Tuesday, May 28, 2013

hot potato, or whose trash is it anyway?

Since writing the return of the cheeto and "the story of stuff," I've continued to think about our trash. While I know I've done a lot to reduce our output, it doesn't feel adequate. Like stink bugs, invasive weeds, or the mold in my shower (darnit!), I just cannot put an end to the appearance of trash.

In addition to my own unavoidable trash production, people keep giving me trash: retailers who insist I need a plastic bag to carry one teeny pack of hair ties, the pharmacist who insists on printing out pages of instructions for the medication I've taken for years, the dentist who sends each of my family members home with their own teeny sample of toothpaste sealed needlessly up in a heavy duty zip lock envelope.

I keep trying to give it back, but once bestowed, no one wants to accept a return. We push the offending item back and forth between us like a hot potato - exactly whose trash will it be when the music stops?

And if I manage to refuse a plastic bag only to have the clerk shove the crumpled thing in the trash as I whisk myself victoriously out the door, have I really accomplished anything?

One piece of trash that unmistakably belongs to me: the refrigerator that's been sitting on my carport for a month (yes, we're turning into one of those families).

Actually, between that last paragraph and this one, I figured out that my county has a recycling center for appliances, including refrigerators, so wew! that's one big fat hot potato I get to pass happily on around the circle!

I mean, what if it's not our lives that flash before our eyes when we die, but our trash!? Imagine: instead of a guilt-inducing playback of that time when you refused to apologize for knocking the neighbor-kid off his bike, you see images of the things you threw away: all those take-out food containers from the nights you were too lazy to cook, the potato chip bags you didn't know what to do with, the cellophane encased junk mail, the dental floss, and the many pieces of plastic crap that seem to follow your kids home like flies on poo. I'm telling you, I am so happy not to have a refrigerator on my conscience too.

With that in mind, I have to ask you, what the heck do I do with this?

perhaps i could mount it in my yard and pretend it's a bit of sculpture.
in an ominous statement about kitchenware and the environment,
I could call it "heat on Tupperware bowl"

The problem of what to do with this bowl only raises another question: why haven't I gotten rid of all the plastic in my kitchen?

Really, that's the subject of another post (that I promise to get to eventually), but in the meantime, getting rid of plastic in the kitchen still brings us back to trash. When we rid our kitchens of plastic, where do we send it all? Some of it is recyclable, and other stuff we can put to non-food uses. If you're me, however, much of it remains in the drawer because you're lazy and it doesn't fit neatly into either of those two previous categories.

When you leave stuff in the drawer, I can tell you, it ends up getting used. 

While making popcorn this week, Olivia inadvertently set this bowl on the hot cook top, creating a fascinating and dangerous looking puddle of goo.

Still, there's lots of good news: Olivia didn't tar and feather herself with the melted muck; the house didn't burn down in a toxic cloud of plastic infused vapor; I managed to scrape the gummy stuff off the stove while it was still warm; this very handy, but very plastic bowl no longer tempts me to mix that too-big potato salad in it, and last, I feel motivated to finally eliminate the rest of the plastic from my kitchen.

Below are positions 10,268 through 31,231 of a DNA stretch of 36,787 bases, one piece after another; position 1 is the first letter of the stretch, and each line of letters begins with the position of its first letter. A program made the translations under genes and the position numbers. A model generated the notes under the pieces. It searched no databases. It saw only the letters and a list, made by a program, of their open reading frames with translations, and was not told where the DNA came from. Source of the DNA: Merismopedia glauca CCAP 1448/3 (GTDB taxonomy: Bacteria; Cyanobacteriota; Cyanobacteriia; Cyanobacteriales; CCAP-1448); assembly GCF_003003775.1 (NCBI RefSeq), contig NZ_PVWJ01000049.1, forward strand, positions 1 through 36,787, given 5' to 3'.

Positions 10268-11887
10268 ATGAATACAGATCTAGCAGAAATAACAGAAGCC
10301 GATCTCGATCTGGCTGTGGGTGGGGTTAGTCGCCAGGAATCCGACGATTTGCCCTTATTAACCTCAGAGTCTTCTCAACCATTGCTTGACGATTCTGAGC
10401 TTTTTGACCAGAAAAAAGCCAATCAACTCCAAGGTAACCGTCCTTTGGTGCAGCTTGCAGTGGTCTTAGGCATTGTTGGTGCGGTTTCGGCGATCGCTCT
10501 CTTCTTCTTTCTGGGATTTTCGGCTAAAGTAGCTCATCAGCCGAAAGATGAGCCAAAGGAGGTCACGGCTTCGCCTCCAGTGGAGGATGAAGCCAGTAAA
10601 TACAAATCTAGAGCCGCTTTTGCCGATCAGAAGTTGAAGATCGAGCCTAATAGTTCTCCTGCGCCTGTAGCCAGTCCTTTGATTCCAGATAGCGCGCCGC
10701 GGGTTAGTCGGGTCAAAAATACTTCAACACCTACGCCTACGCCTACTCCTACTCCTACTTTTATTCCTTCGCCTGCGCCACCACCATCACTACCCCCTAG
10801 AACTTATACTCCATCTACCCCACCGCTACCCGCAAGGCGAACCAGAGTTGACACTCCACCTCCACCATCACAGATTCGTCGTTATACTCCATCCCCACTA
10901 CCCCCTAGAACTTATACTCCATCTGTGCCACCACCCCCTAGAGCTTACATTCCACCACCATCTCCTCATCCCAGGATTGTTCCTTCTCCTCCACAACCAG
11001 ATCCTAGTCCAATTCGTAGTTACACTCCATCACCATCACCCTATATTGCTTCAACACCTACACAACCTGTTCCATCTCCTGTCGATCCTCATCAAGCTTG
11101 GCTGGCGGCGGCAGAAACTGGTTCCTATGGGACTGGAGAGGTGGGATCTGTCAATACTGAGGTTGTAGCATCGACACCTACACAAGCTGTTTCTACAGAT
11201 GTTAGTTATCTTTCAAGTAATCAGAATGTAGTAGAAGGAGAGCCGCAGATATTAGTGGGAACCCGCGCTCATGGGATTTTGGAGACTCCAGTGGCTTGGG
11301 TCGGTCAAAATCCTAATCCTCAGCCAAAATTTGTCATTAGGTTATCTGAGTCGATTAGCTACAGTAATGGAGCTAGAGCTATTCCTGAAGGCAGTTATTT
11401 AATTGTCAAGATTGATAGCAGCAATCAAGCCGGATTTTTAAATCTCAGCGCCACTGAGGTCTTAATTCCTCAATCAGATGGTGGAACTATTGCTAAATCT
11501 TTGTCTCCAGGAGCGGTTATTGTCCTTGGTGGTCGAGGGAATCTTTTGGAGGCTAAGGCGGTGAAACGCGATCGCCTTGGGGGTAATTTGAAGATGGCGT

But now, now I have this useless hunk of molded and polymerized petroleum on my hands. Will this be one of the pieces of trash to flash before my eyes at my death? How the heck did I end up with this hot potato?

To dispose of it, I checked with Tupperware and discovered that they accept old stuff for recycling. They also claim that recycling one ton of plastic could save 600-800kg of crude oil. It sounds good, but I can't help but wonder if sending it back simply feeds the plastic producing beast. They say they'll grind it up and use it for plant pots, garbage bags and low-grade pipe--not the kind of stuff I'd particularly like to see in greater abundance.

If I send my trash to a place that makes more trash, have I really unloaded the spud?

I don't know, so I think I'll hold onto my "bowl" a while longer.  I've at least learned that when deciding where to pass my potatoes in this game of accountability & responsibility, I should look beyond the music to consider who has come to play.

Meanwhile, if you have a suggested use for "heat on Tupperware bowl," or if you'd like to display this lovely sculpture in your yard, please let me know!

Speaking of trash, if you're an email subscriber and you received a weird jumbled post from me in your box today, I'm sorry! That's what happens when you let your mouse hover over "publish" while still brainstorming an idea. egad.


  1. Hmmm....it looks sort of like a giant eye ball. If you still have it, it would make a great Halloween decoration, lol. You could turn something into a giant cyclops!

    1. I do still have it! It's sitting on my blanket chest in my bedroom because I don't know what to do with it. Leave it to you to suggest I do a CRAFT!! But you are right, it does look like a giant eyeball. My kids always complain about my lack of typical Halloween decorations (too much plastic crap!), maybe I could put this on a scarecrow! I will think and think about that and hope it turns into action! :)